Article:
Finally, the Right introduced a post conference online ballot, as well as more online voting; taking focus away from discussion and debate at conference by democratically elected delegates. The plan also included commitments to reduce the role of the national structure in favour of regional decision-making, again negatively affecting the ability of the NUS to engage in national political struggle on behalf of students.
This motion was forced through in a shocking display of factional bureaucratic wrangling. The Right successfully managed to block the many amendments submitted from even being discussed and flooded the debate with procedural motions and votes of no confidence in the chair. This demonstrated the dishonesty of their arguments, which pledged to increase democratic involvement while blocking democratic debate on the biggest overhaul in the NUS since 1922.
Lessons to be learnt
The Left must take some responsibility for their defeats at this conference, however. They were unprepared for this coordinated attack, which won on the strength of campaigning in delegate elections throughout the year. Left students must take note of the defeats at this year’s conference and draw the necessary lessons: the need to organise, educate, and agitate from the bottom up, building a strong and coordinated grassroots movement in all campuses and colleges, on the basis of a bold and radical programme.
The Right posed themselves as the candidates of unity, realism and modernisation, spouting empty platitudes about representing the “real issues facing average students” against a “divisive hard left”, obsessed with petty factionalism and fringe radicalism. A wave of disaffiliation campaigns in Student Unions (led by a contingent of the reactionary Right) has promoted the idea that the NUS is broken, irrelevant and in need of modernisation, which suited the Blairites nicely, promoting themselves as the ideal candidates to fix it.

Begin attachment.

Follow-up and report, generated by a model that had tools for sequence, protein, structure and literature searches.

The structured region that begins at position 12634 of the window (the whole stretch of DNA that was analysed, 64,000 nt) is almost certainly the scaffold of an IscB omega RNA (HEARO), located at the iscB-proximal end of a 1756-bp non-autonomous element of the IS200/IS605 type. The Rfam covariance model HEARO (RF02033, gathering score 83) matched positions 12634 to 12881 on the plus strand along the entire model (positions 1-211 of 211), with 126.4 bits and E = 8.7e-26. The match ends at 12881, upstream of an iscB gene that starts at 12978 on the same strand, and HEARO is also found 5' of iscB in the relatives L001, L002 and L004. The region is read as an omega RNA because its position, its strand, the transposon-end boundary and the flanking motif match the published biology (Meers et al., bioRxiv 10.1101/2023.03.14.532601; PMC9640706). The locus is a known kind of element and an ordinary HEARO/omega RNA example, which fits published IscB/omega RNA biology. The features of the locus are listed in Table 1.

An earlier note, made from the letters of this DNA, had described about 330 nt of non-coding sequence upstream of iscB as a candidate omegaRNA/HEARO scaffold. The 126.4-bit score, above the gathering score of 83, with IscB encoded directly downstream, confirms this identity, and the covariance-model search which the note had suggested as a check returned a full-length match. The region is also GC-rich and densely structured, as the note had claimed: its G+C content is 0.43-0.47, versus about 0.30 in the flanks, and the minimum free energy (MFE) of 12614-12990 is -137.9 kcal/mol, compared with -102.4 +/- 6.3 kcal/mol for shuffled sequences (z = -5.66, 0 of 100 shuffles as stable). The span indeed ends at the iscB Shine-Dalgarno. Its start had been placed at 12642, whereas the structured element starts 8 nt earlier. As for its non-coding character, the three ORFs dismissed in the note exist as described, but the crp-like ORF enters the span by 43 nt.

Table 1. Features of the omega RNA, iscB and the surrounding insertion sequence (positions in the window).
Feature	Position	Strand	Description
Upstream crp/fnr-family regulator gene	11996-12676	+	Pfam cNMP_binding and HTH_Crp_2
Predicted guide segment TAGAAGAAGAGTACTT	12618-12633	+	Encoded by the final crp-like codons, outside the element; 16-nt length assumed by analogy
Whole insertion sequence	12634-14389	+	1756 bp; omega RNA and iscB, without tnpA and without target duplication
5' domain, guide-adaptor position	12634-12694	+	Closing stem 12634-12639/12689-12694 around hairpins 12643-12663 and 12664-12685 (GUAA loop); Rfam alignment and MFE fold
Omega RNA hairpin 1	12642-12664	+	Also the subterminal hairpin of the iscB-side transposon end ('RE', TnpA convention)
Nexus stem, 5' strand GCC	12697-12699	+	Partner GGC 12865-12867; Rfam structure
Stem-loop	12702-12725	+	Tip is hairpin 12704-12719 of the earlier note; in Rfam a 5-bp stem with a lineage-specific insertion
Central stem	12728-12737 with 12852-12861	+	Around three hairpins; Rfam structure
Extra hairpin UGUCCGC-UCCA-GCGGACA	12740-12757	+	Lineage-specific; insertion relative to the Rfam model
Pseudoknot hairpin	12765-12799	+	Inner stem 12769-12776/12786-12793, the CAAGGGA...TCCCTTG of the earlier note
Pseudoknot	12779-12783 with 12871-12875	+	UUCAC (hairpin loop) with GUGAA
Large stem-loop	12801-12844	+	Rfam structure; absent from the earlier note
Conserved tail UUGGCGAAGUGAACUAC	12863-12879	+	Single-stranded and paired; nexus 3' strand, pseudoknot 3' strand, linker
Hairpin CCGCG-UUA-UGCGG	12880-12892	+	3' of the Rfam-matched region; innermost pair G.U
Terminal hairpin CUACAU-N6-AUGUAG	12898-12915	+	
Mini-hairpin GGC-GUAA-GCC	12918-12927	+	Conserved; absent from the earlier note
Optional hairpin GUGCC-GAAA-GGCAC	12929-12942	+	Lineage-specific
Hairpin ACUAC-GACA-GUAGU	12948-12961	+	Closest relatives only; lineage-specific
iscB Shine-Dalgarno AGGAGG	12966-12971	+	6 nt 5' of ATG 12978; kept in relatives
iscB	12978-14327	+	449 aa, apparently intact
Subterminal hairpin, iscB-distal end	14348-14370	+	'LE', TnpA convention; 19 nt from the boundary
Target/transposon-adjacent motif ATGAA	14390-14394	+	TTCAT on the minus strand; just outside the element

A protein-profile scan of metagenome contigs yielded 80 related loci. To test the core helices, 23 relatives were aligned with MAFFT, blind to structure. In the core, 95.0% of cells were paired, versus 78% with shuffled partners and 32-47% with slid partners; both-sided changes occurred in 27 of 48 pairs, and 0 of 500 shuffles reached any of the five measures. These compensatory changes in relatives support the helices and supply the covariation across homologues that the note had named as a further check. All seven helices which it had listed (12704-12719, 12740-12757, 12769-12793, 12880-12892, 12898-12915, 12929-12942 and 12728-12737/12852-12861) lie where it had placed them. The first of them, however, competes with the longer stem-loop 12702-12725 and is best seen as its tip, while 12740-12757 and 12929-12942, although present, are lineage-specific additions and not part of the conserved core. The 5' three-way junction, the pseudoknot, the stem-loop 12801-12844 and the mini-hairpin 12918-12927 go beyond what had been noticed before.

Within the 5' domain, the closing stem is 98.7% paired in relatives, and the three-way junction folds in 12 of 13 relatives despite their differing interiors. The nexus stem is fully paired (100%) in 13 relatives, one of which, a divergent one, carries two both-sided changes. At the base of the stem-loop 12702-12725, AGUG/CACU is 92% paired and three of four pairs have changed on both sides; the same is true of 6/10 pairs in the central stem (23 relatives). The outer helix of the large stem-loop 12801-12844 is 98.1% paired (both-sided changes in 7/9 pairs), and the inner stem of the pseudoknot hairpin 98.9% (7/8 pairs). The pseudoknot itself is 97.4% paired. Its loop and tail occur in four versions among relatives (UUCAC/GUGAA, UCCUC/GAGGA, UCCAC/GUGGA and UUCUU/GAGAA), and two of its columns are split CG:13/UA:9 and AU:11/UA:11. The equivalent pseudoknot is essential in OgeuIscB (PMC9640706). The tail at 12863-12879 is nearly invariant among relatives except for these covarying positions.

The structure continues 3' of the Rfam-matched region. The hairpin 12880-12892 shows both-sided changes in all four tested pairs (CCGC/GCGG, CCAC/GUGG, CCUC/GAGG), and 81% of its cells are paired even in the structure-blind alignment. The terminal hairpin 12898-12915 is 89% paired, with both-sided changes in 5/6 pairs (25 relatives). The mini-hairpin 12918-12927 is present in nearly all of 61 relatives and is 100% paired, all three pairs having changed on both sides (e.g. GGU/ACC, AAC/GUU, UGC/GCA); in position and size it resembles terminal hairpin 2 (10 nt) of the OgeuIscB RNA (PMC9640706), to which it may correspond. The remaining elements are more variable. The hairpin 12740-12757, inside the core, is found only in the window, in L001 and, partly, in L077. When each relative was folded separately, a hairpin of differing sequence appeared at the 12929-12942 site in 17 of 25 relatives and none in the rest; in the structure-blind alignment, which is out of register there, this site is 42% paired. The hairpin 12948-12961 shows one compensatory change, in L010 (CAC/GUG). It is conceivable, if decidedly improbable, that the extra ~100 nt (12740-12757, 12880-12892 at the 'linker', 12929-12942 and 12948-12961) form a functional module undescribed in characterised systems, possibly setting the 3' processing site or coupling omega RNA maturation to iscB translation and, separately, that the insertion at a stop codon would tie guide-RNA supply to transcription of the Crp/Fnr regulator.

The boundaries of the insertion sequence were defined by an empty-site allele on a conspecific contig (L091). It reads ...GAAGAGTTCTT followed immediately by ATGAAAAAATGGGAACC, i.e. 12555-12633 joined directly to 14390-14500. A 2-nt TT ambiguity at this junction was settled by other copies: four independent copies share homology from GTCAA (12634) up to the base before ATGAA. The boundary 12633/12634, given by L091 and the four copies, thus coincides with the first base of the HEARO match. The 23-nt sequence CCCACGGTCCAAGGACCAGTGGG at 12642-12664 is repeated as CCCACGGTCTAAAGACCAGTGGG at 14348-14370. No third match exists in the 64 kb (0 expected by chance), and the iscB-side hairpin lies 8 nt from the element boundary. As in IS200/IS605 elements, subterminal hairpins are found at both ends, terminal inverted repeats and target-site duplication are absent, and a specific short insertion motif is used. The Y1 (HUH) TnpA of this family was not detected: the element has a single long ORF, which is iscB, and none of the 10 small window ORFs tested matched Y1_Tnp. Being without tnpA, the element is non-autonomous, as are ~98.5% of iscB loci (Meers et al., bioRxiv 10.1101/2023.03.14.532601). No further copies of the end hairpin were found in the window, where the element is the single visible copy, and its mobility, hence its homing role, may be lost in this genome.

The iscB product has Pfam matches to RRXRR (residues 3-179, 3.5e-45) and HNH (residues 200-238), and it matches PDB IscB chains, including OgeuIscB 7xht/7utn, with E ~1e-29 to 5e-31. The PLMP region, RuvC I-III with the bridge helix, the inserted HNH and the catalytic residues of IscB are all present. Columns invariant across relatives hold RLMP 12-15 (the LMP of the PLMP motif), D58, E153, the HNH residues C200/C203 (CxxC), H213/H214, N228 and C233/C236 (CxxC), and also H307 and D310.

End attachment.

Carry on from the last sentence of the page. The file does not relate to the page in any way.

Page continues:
It was the failure of the Left leadership to take bold action that ensured the student base didn’t move with them. The NSS boycott, which attempted to disrupt the TEF, constituted an indirect, limited form of resistance. A national demonstration in collaboration with the UCU also felt perfunctory. The leadership were not putting forward a positive programme as to how they might secure their radical ideas and failed to lean on the power of the student movement itself, instead mirroring the bureaucratic, backroom coordination of the Right.
This same problem was reflected at conference. The National Campaign Against Fees and Cuts, for instance ‒ while making many correct political arguments ‒ limited themselves to arguing for boycotts and taxing the rich. The idea that an NSS boycott will be leverage enough to somehow convince the Tories to drop their vicious policies, or that the rich will consent to higher taxation without moving abroad or exploiting tax loopholes, is idealistic. Something much more radical is needed.
The new right-wing leadership of the NUS will come up against insurmountable pressures as their desire to be “non-political” and compromise with the establishment will quickly be seen as unable to deliver for the mass of students facing cuts and rising costs. New movements from below will develop, despite the best efforts of the NUS leadership to hold them back. The task will be to give this growing tide of anger a focus. These careerists will be seen as having nothing to offer by students looking for answers to real-life problems.
In reality, the problems students face are rooted in the crisis-ridden capitalist system. The Left in the student movement must campaign on the need to overturn capitalism ‒ not tinker around the edges. This can only be achieved by transforming the NUS into a body capable of fighting for students and joining the wider labour movement in the struggle for socialism.